Just take a soft, clean cloth and then buff your silverware so that it shines, and then check the cloth’s surface. For real silverware, you will have slight black marks on the white cloth after wiping. The reason for the black marks is that silver reacts with oxygen forming an oxide residue. Silver plating bonds to any of the metals underneath the item and stainless steel will not leave any black residue.

  • Appearance/ Layering
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If someone tells you that you are holding an antique piece of flatware or jewelry, it’s important to check for some visual markers. For example, an antique silver piece will show signs of wear – both the silver and silver substitutes tend to show aging in specific ways. For example, a silver-plated piece will chip over time, which means that you can see the metal that’s exposed below – check the handle or edges for chipping. So, if you notice discrepancies between the interior and the exterior metals, you know that you are not dealing with real silver.

These differences in appearance are not seen in stainless steel pieces.

  • Magnetic Test

Silver is non-ferrous and paramagnetic. What this means is that it either have a zero attraction to the magnet or very little attraction.

  • The Ice Test

Silver boasts a high thermal conductivity. So, if you are dealing with real silver, it will melt ice cubes very fast when you place the silver item in contact with the ice.

  • Malleability

Silver is malleable, and it bends, but stainless steel is hard, and it will not bend if you apply force to it.

  • Smell

Real silver has no smell. So, if you hold on a piece of jewelry close to your nose and it has some smell, it means that the piece has quite a bit of copper and it’s not the real thing. Sterling silver might have some copper, but the copper content isn’t enough for the piece to smell.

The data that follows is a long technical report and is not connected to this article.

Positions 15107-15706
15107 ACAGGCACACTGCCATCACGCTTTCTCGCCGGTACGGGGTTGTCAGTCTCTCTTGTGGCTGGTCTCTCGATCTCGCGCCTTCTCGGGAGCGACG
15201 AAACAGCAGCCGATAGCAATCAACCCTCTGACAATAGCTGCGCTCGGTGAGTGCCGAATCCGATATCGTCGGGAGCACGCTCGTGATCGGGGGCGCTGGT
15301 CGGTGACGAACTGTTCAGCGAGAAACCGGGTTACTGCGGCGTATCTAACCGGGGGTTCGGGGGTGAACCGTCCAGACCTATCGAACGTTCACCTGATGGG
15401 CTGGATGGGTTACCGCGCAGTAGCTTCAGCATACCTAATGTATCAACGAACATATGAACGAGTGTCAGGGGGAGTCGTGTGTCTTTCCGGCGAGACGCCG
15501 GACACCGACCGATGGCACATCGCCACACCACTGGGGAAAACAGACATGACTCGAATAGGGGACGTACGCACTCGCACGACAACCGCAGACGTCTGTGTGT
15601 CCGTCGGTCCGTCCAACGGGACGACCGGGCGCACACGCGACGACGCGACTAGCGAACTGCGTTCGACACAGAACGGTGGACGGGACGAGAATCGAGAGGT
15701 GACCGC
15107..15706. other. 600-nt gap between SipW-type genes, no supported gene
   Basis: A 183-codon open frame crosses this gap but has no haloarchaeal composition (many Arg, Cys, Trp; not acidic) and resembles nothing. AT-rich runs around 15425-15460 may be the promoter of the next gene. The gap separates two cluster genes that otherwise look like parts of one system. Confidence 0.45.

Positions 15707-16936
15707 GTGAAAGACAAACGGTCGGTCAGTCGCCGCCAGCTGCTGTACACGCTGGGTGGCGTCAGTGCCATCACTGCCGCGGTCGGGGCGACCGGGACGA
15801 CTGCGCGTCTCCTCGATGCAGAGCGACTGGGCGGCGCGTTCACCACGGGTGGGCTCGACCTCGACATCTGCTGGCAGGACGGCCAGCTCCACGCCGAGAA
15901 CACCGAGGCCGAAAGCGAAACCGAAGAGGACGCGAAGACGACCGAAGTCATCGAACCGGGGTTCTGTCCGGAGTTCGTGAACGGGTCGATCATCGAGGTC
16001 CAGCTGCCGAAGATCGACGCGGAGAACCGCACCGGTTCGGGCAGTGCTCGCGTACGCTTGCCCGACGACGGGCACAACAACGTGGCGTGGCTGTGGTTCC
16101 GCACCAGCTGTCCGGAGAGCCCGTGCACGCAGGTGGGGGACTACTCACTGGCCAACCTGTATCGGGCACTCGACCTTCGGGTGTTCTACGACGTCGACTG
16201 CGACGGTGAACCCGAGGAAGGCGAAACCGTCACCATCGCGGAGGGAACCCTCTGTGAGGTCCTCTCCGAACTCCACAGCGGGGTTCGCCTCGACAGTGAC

• Bell Ringing

Sterling Silver has a high-pitched bell tone when tapped gently or if your tap it using a metallic coin. This tone should last between 1 and 2 seconds. Other metals, including stainless steel, will not have this sound.

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Stainless Steel Tests

  • Visual Identifiers

Genuine stainless steel comes with specific numbers/ codes imprinted on it. Often, the imprint follows an ASTM or an AES code system, and it includes a 4-digit code that gives insights into the material you are dealing with.

  • Magnetic Properties

The stainless steel used for jewelry or industrial use is largely non-magnetic since it has nickel added during the manufacturing process. The added nickel reduces stainless steel’s magnetism.

  • Color

Stainless steel is a shiny silvery metal that looks the same on the exteriors and fractures if any.


The difference between silver Jewelry and stainless steel Jewelry

Despite the physical and chemical differences above, you could also differentiate stainless steel from silvery by looking at the shine and the applications of the metals. Here I also write a post on the differences between titanium and silver. Click it to read more

Stainless steel is hard and hard to handcraft or mold unless crafting is done at the factory. Silver, on the other hand, is soft and malleable, which is why most handcrafted pieces of jewelry are made of sterling silver instead of stainless steel. Silver boasts a higher level of flexibility than stainless steel, but the latter is harder and lasts longer.

And even though both metals have a silvery shine, jewelry made of silver shines brighter and lighter if polished. Stainless steel also shines, and it has a mirror-like effect when polished.

Thanks for reading. Guys, I  really hope you guys read more our jewelry metals articles here.

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Hey! I finally find the Answer!